This article is one in a series that Vital magazine is producing as part of National Adoption Awareness month, and I'm sharing it with you because I thought it was very good.

One of the Bible's most consistent commands is to care for the "least of these," give a voice to the voiceless, and take care of the orphans and widows. Though not everyone is called to be an adoptive or foster family, everyone can support this command through donating time, money, and a helping hand to the ones with boots on the ground.

Some of those boots on the ground are Mark Forrester and his family - wife Janine and their 4-year-old son, Greyson. The Forresters are foster parents in Missouri, and Vital magazine talked to Mark about what it's like for he and his wife as foster parents and what the church community can do to support other families like his.

Tell us about your family.

My wife, Janine, is a principal at Watkins Elementary in Springfield. We have been married for 9 years. We have a 4-year-old son, Greyson.

What is your history with foster care?

Both my wife and I have had exposure to foster care since childhood. My father-in-law was adopted from foster-care at the age of 12. My parents kept foster children for years.

Before we got married, my wife and I talked about having a biological child and then looking into foster care, and possibly adoption, should the opportunity arise. We became licensed foster care providers the same week that we found out that Janine was pregnant with Greyson. We ended up putting the process on hold for a couple of years. By the end of 2014, we had re-certified our foster care license. We had our first placement in January 2015.

What led you to become foster parents?

We live in Springfield, Missouri, which is in Greene County. The rate of child abuse and neglect is extremely high in Greene County. 2013 estimates were that, on average, Greene County had 837 children in care at any given time. With my involvement in community outreach and my wife's involvement in low-income public education, we saw these cases first-hand and wanted to make a difference - even in just one life.

What is your biggest challenge?

The biggest challenge for me are the unknowns. In foster-care, so much can change on any given day. There are so many variables that it is impossible to adequately predict the next step at any given moment. A mentor of mine once said that love is really spelled R-I-S-K. The selfish reaction to the unknowns is withdrawal or avoidance. I can't even think of the joy we would have missed over the last several months if we didn't "risk" and reach out to love, despite the unknowns.

What has been the biggest bright spot?

To see our little foster-child grow, develop, and mature has been amazing. It's like watching a flower bloom. Kids have limitless potential and they're remarkably resilient. (Cliché alert) She's really helped us more than we've helped her.

How do you balance relationships of your foster child with your biological child?

It was important to us to maintain the birth order in our placement. Greyson is very much a "first child." We knew that it would be much more difficult for him and his personality if that birth order were not maintained. Early on, I believe all the attention was difficult for him to understand.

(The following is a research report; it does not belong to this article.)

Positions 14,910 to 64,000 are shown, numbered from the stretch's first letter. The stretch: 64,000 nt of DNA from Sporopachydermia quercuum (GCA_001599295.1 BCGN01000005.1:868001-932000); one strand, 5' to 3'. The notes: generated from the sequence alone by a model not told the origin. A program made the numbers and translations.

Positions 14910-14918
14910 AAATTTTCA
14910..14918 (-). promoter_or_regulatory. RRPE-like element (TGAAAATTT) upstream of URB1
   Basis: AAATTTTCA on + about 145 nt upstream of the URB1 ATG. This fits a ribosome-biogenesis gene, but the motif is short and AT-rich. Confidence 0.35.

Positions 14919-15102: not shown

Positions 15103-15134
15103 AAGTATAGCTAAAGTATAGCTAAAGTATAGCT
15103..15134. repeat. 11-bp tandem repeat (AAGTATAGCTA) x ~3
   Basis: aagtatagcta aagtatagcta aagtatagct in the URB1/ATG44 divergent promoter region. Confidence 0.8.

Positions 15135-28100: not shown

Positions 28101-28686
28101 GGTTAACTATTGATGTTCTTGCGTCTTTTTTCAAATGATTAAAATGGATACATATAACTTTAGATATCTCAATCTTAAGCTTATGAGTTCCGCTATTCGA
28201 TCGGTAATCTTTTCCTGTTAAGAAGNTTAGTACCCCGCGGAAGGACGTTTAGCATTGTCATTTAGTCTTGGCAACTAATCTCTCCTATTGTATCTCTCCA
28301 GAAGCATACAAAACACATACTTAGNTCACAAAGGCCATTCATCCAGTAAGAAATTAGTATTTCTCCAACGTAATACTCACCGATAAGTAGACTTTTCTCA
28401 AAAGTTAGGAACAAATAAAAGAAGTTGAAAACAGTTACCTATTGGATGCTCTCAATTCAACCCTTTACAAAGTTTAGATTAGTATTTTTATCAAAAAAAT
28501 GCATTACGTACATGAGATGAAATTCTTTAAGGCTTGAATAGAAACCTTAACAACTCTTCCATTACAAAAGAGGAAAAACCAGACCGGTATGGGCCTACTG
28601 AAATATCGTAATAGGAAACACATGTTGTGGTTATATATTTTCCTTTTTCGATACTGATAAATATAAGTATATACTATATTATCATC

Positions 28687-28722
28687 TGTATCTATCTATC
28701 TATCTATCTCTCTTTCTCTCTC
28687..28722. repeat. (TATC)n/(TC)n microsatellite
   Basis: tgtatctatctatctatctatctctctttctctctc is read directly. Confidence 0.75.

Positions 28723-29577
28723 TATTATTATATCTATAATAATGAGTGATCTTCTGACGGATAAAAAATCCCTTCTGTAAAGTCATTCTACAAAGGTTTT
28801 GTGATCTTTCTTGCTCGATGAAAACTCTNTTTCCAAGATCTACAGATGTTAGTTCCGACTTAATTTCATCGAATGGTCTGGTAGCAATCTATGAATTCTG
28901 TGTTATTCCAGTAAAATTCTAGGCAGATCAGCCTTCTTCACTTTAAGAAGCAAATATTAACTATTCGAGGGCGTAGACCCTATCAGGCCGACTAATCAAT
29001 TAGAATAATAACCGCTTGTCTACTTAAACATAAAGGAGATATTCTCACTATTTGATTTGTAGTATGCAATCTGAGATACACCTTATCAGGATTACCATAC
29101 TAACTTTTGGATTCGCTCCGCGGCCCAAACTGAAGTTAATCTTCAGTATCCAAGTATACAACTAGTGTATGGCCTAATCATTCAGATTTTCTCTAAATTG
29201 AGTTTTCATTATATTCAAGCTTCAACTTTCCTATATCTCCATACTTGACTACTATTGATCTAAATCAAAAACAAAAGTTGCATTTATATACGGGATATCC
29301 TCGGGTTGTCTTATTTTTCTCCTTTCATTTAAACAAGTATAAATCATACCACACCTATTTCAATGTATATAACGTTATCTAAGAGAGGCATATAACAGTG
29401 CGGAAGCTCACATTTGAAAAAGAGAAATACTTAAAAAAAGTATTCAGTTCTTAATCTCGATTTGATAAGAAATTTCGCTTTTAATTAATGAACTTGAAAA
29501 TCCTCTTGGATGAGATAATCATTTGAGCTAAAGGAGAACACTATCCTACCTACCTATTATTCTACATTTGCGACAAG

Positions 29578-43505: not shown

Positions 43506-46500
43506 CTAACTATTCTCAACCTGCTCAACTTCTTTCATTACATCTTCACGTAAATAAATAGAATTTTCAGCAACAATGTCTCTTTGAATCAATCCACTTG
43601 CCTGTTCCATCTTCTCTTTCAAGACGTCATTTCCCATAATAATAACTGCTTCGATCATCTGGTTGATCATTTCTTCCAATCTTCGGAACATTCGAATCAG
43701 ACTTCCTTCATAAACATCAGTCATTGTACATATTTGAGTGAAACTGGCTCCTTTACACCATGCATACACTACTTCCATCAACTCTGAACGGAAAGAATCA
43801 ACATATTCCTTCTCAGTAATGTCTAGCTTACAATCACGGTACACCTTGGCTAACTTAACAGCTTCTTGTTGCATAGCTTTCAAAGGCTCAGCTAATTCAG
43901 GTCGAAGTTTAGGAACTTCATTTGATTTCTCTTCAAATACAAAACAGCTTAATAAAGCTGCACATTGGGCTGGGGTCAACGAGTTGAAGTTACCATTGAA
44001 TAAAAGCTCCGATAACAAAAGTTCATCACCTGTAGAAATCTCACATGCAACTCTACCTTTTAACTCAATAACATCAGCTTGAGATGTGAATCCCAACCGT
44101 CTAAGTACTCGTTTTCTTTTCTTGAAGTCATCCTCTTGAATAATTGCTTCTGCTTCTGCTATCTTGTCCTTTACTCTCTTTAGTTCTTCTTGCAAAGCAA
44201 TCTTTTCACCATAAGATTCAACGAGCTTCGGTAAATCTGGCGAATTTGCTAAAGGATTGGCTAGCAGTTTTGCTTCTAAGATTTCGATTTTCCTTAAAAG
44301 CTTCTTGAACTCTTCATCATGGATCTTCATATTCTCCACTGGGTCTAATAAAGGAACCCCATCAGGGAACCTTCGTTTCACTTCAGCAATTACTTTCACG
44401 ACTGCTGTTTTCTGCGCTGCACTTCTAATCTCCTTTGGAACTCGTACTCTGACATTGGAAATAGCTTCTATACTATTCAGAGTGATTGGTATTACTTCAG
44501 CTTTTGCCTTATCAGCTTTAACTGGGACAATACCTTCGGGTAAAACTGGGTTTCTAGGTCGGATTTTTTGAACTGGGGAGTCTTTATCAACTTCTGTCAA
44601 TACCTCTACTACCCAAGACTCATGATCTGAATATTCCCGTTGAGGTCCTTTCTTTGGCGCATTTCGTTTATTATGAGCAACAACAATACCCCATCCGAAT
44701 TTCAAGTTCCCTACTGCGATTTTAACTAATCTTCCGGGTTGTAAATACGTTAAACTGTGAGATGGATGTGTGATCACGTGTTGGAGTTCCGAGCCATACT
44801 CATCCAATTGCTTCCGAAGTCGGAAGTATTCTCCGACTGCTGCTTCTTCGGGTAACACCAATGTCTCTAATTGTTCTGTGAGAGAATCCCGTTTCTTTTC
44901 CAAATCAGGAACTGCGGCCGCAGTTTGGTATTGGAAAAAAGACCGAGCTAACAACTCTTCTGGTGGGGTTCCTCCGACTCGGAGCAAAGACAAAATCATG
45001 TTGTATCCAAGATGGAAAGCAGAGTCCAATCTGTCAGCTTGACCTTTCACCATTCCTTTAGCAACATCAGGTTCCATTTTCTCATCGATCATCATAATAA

A mentor of mine once said that love is really spelled R-I-S-K. The selfish reaction to the unknowns is withdrawal or avoidance. I can't even think of the joy we would have missed over the last several months if we didn't "risk" and reach out to love, despite the unknowns.

Suddenly we had constant visitors: volunteers, case workers, licensing workers, attorneys, child advocates. None of these people were coming to see him. That's difficult for a 4-year-old child to grasp. He's done remarkably well.

What do you wish other people knew about being a foster parent?

Don't let the vastness of the problem keep you from making a difference. It doesn't matter to our little one that there are 836 more like her in our county. She wouldn't be able to comprehend that. It matters to her that we are there for her now. The book of Isaiah opens with a vision. The message is clear: "Enough with the meetings and offerings. Take care of the fatherless and widows."

Foster parenting isn't for everyone. But everyone can do something to speak up for those who have no voice. Whether you're a court-appointed volunteer, a respite provider, or even a friend that is there in a pinch, you're part of the process that's helping a child through their darkest hour. What could be more important than that?

What has been the greatest source of help for your family?

We have an incredible support network. I really think that's essential. Our family is always there when needed, even in a moment's notice. My co-workers have stepped in for respite care and support. My wife's staff even threw an impromptu shower for her within days of our first placement. Without the support of our network of friends, I'm sure our experience would be vastly different.

What resources would you recommend to someone considering becoming a foster family?

I would encourage prospective foster parents to connect to their local community resources. For many new foster families, this is a completely foreign world. I think you'll find most foster families eager and willing to share information, tips, or even give a helping hand.

Most communities even have social media groups for foster families to connect with each other for support and resources. And about those resources - don't be too proud to accept them!